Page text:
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United States Department of Agriculture

Agricultural Research Service


item Kadan, Ranjit

Submitted to: Rice Technical Working Group Meeting Proceedings
Publication Type: Proceedings
Publication Acceptance Date: 12/15/2004
Publication Date: 12/17/2004
Citation: Kadan, R.S. 2004. Development of whole rice bread. Proceedings of 30th Rice Technical Working Group Meeting. 30:142.

Interpretive Summary:

Technical Abstract: Rice flour is an ideal ingredient to make bread for people who suffer from Celiac and other chronic allergic diseases, because its proteins are devoid of gliadin, and rice is known for its ease of digestion, bland taste, and hypoallergenic properties. However, the absence of gliadin creates a special challenge to make baked products, since gliadin is an essential component of gluten. For the past thirty years, scientists have developed rice bread using methyl cellulose and other food gums as a substitute for gluten in rice baked foods. To improve rice bread further, they add tapioca, potato, eggs, milk, and soy proteins. The rice bread is still considered dry and crumbly, and hence, unacceptable by the consumers. Perhaps one of the reasons is that the rice starch retrogrades a lot faster than wheat starch. These ingredients not only increase the cost, but also unnecessarily expose the consumers to potential allergy, as nearly 50% of Celiacs also suffer from various food allergies. Our objective was to see if an acceptable rice bread (RB) could be made from all rice ingredients by using a commonly available bread machine. Our exploratory research has shown that a RB, which is comparable to white wheat bread and whole wheat bread, can be made by using a bread machine at a fraction of the cost of commercial rice breads. The making of whole rice bread by the consumer from a bread mix with a commonly available bread machine provides an ideal approach to enjoy a fresh gluten-free bread. Research is continuing to optimize the whole rice bread (WRB) process.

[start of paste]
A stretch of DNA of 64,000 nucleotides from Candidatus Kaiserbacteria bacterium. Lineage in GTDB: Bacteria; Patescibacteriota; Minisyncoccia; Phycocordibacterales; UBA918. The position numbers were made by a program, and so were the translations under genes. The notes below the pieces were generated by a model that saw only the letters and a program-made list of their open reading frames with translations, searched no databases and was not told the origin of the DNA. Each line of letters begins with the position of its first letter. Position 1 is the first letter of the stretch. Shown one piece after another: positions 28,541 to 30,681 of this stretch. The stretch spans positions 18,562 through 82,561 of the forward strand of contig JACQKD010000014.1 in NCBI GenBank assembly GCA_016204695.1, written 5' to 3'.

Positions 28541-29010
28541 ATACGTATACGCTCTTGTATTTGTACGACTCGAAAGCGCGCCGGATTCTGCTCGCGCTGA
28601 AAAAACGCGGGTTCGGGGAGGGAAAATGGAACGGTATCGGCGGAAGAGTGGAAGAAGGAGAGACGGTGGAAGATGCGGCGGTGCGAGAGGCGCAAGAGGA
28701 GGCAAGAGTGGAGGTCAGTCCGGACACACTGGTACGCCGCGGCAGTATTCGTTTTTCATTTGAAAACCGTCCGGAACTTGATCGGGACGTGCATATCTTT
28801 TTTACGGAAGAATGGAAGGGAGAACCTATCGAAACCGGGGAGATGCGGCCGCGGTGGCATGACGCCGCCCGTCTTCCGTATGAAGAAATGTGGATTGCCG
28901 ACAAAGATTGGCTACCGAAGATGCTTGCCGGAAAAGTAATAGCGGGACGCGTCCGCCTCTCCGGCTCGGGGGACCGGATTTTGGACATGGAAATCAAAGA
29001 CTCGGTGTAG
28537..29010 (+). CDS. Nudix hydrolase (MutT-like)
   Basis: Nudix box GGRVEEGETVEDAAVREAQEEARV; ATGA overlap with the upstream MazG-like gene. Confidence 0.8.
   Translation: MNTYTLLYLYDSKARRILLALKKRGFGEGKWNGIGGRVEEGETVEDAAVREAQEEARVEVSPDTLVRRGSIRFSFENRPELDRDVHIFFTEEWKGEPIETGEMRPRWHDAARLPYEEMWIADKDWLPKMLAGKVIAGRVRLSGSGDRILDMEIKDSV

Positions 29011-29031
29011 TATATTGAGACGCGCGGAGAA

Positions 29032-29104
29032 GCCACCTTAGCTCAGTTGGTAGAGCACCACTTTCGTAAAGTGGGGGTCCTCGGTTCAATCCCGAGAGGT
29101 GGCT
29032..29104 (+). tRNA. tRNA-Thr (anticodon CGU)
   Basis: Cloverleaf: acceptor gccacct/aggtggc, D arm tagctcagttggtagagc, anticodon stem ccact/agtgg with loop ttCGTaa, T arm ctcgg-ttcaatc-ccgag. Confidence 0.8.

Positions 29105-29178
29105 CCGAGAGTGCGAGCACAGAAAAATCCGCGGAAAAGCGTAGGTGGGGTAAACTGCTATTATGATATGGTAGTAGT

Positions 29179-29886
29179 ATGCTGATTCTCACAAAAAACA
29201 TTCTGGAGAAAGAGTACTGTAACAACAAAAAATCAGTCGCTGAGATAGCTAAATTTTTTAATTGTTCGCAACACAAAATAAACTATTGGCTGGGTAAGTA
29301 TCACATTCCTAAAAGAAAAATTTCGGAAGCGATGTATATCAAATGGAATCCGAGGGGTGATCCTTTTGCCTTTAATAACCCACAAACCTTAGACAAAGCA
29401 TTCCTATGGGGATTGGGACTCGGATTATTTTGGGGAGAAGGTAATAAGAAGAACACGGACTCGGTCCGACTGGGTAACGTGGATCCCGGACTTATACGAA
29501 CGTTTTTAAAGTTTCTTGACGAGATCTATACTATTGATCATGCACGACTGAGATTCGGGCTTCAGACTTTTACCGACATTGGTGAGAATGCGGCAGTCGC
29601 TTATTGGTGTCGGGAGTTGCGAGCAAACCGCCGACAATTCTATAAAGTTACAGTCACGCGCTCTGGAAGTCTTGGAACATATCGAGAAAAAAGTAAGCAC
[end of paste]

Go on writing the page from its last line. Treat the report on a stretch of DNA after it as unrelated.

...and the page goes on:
Last Modified: 06/27/2017
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